Whether it’s a concert solo, home run, parade, or when a family member gets out of the hospital after a long stay, there’s no feeling like when the crowd goes wild with support and encouragement. In these moments, the town you live in begins to feel like a community.
Last year, the town I live in won the World Series and it was amazing how we instantly felt like a community. Strangers giving each other high fives and hugs. Millions from across the U.S. and all over the world watching a parade to support one team. We all have a common bond that only a Royals fan could understand. The Kansas City Royals.
Why am I talking sports, solos, parades, and crowds in an IBD blog? Because to successfully deal with a chronic disease like IBD takes a community who truly understands, that will go wild, give you high fives, virtual hugs and support along the way. It’s been said that it takes a village to raise a child, but the village is only as strong as the common bond.
Many of us have been given the advice “don’t swim alone.” But a piece of advice often left out when your child is diagnosed with IBD is “don’t face the IBD journey alone.” After all, there is no “I” in TEAM. And with IBD, it takes a team to win.
In 2010, we made the mistake of starting the IBD journey alone. Our journey with a very sick child went something like this: long hospital stay, surgery, diagnosis, treatment options, decisions. Lots of upset, vocabulary changes, learning new words and poop colors. Suddenly everyone seems to know someone with IBD, so more advice and stories. Then comes the guilt and financial stress. And the list goes on!
Parents, family members, friends and our clinicians all tried to understand what we were going through, which we definitely appreciated. But there were some things they just couldn’t “get.” Which I bet many of you can relate to. There was still one important part of the community missing that we needed most – other IBD families.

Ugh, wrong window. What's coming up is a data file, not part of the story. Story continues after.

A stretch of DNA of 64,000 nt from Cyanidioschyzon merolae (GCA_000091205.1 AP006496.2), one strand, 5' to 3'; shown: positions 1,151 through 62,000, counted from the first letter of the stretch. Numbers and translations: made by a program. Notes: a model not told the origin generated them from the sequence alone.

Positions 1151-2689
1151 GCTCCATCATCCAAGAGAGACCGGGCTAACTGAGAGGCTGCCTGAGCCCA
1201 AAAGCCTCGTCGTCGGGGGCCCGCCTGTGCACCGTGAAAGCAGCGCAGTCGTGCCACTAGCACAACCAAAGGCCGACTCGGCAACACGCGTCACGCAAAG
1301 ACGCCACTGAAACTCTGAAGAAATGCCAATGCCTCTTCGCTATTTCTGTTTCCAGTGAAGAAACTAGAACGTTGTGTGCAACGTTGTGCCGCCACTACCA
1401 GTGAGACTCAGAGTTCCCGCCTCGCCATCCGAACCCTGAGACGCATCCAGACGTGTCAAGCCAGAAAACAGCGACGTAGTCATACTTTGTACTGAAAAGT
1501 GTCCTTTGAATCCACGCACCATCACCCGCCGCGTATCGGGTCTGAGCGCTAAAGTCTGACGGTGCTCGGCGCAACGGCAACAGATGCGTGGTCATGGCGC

Four years later, when our other 2 kids were diagnosed (yes, that means I have 3 kids with Crohn’s!), we took a different path. Our clinic had become a part of the ImproveCareNow Network (ICN), which meant we now had a team to help us along the journey. ICN entered our world, and along with that came Smart Patients.
These two networks characterize what a real community is about and how a team should work: a common bond, good character, reinforcing a community-wide value of learning, collaboration among all stakeholders, quality improvement and co-production. Most importantly, they felt like communities I wanted to be part of: they embraced me like a family member, listened to my ideas, treated me with respect and as an expert in our family’s IBD journey, and were willing to give high fives and virtual hugs!
What makes Smart Patients unique follows what John Wooden once said – “Be more concerned with your character than your reputation, because your character is what you really are while your reputation is merely what others think you are.” The character of the Smart Patients community is one that includes trust, honesty, empathy, kindness, and respect. A person can share, ask questions, and not feel judged or alone on this journey. There are no horror stories, just stories that promote support. The community is monitored so the content remains positive. And if something comes into the forum that doesn’t quite make sense, research is always requested.
There have been times during my family’s journey that I just needed someone to say it will be okay – here’s your Raspberry Lemonade (my favorite drink) and the cure for IBD! It’s on those days that all I can do is smile, move on with the day, hold back the tears, pretend I’m okay. And then lean on the community to help me through. I know I can count on the ICN and Smart Patients crowds to go wild with support and cheer us through another IBD day. Because we all share the common bond to improve care in IBD. Not just for our kids, but for all kids.
[Author’s note: Many thanks to Deb for taking the time to share her story – about life with three children diagnosed with Crohn’s disease and the importance of finding support and other IBD families as an active member of the ImproveCareNow Network and the Smart Patients IBD Community. Parents and patients with IBD (18 years and older) are invited to join the the Smart Patients IBD Community online here: http://smartpatients.com/ibd]